Experimental Economics

, Volume 15, Issue 3, pp 418–443 | Cite as

Random incentive systems in a dynamic choice experiment

  • Guido Baltussen
  • G. Thierry Post
  • Martijn J. van den Assem
  • Peter P. Wakker
Open Access


Experiments frequently use a random incentive system (RIS), where only tasks that are randomly selected at the end of the experiment are for real. The most common type pays every subject one out of her multiple tasks (within-subjects randomization). Recently, another type has become popular, where a subset of subjects is randomly selected, and only these subjects receive one real payment (between-subjects randomization). In earlier tests with simple, static tasks, RISs performed well. The present study investigates RISs in a more complex, dynamic choice experiment. We find that between-subjects randomization reduces risk aversion. While within-subjects randomization delivers unbiased measurements of risk aversion, it does not eliminate carry-over effects from previous tasks. Both types generate an increase in subjects’ error rates. These results suggest that caution is warranted when applying RISs to more complex and dynamic tasks.


Random incentive system Incentives Experimental measurement Risky choice Risk aversion Dynamic choice Tremble Within-subjects design Between-subjects design 

JEL Classification

C91 D81 

Individual choice experiments commonly use a random incentive system (RIS) to implement real incentives. In the most common RIS, each subject performs a series of individual tasks, knowing that only one of these tasks will be randomly selected at the end to be for real. Although there have been several debates about the validity of the method, it is now widely accepted in studies of individual choice (Holt 1986; Lee 2008; Myagkov and Plott 1997; Starmer and Sugden 1991).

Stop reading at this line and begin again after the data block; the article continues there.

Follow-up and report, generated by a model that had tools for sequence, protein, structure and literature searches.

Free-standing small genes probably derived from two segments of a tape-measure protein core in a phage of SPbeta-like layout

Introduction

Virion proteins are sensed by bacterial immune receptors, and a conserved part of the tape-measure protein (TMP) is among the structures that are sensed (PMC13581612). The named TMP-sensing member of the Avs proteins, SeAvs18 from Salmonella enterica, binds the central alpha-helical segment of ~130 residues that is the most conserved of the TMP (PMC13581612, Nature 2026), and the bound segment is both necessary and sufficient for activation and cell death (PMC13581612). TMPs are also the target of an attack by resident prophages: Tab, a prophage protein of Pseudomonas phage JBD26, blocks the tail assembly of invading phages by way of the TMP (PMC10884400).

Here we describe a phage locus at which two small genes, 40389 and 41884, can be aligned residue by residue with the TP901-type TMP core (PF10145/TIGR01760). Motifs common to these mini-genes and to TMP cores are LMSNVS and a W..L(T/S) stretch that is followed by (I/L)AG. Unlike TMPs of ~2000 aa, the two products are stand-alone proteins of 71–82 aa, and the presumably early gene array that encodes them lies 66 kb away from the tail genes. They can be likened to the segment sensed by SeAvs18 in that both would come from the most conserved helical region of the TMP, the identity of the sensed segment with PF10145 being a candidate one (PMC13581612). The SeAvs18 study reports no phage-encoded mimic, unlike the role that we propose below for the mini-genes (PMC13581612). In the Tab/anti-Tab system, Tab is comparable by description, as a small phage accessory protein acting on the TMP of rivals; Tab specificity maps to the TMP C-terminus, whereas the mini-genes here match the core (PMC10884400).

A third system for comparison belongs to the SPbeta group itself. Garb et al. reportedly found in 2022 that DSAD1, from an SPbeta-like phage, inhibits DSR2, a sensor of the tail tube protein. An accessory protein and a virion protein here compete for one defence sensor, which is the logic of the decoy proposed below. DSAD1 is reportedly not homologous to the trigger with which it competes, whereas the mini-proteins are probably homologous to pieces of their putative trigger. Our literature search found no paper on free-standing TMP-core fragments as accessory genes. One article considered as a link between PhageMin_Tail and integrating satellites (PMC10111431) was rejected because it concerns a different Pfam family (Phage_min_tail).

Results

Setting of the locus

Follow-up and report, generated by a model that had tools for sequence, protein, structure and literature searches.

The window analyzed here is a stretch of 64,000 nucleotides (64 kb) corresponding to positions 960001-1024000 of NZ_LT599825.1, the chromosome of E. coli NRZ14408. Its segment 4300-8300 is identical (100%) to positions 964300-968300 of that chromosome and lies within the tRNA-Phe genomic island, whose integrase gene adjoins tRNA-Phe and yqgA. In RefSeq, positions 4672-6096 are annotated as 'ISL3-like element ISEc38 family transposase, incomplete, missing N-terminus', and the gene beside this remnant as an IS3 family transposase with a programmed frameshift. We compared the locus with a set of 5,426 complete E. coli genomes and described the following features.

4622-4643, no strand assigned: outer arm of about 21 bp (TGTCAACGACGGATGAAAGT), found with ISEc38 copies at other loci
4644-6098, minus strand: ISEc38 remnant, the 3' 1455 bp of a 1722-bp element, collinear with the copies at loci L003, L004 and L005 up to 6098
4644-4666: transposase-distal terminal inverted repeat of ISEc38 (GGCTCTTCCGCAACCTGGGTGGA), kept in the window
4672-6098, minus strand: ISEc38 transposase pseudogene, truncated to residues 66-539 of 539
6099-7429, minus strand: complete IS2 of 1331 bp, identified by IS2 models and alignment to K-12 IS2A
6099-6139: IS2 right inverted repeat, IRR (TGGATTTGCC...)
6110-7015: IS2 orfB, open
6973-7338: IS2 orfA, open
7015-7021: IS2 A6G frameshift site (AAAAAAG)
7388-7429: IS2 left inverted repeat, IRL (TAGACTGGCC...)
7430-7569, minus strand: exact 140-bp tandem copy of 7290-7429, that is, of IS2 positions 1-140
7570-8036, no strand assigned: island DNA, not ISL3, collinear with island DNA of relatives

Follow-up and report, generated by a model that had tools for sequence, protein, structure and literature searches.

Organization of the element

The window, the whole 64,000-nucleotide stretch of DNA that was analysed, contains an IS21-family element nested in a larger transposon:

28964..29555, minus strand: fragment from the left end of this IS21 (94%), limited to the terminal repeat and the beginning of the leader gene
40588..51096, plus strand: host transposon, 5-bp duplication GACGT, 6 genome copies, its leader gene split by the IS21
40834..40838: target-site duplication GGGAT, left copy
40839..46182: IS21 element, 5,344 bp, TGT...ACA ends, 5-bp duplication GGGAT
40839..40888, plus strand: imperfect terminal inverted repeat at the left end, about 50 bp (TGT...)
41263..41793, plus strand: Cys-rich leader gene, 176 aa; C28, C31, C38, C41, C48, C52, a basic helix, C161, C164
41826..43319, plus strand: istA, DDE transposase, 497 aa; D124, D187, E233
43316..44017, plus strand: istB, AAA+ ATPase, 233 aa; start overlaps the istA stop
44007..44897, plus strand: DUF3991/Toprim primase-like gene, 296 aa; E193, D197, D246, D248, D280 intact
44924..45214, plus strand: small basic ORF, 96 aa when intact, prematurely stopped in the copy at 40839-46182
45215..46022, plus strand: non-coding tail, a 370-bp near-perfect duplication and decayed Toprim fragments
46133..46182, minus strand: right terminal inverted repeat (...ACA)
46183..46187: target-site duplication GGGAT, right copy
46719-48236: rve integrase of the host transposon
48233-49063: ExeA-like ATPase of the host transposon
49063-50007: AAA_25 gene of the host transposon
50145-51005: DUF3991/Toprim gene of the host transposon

If a subject performs multiple tasks in an experiment where each task is for real, then income and portfolio effects will arise (Cho and Luce 1995; Cox and Epstein 1989). The RIS is the only incentive system known today that can avoid such effects. In addition, for a given research budget and with the face values of the monetary amounts kept the same, RISs allow for a larger number of observations. Early studies that implemented the RIS include Allais (1953), Grether and Plott (1979), Reilly (1982), Rosett (1971), Smith (1976), Tversky (1967a, 1967b), and Yaari (1965). Savage (1954, p. 29) credits W. Allen Wallis for first proposing the RIS.

More recently, a second, more extreme type of RIS has been used, where not every subject is paid. A subset of the subjects is randomly selected, and one of their tasks, randomly selected, will be for real. A drawback of this procedure is that the probability of real payoff is further reduced for every task, possibly inducing lower task motivation. In return, however, higher prizes can be awarded to the subjects selected, which may improve motivation. Studies that apply this incentive method include Bettinger and Slonim (2007), Camerer and Ho (1994), Cohen et al. (1987), and Schunk and Betsch (2006).

In the more extreme type of RIS, there is a selection of both tasks and subjects. To investigate the effects of these two elements of the randomization process in isolation, our study will consider, besides the most common RIS, a RIS where there is no selection of tasks. That is, each subject performs only one single task, after which a subset of subjects is randomly selected for whom the outcome of their task will be for real. We call this design the between-subjects RIS (BRIS), and the other, common design the within-subjects RIS (WRIS). The recent and more radical design where both tasks and subjects are selected is called the hybrid RIS. Studies using a pure BRIS include Tversky and Kahneman (1981, endnote 11) and Langer and Weber (2008).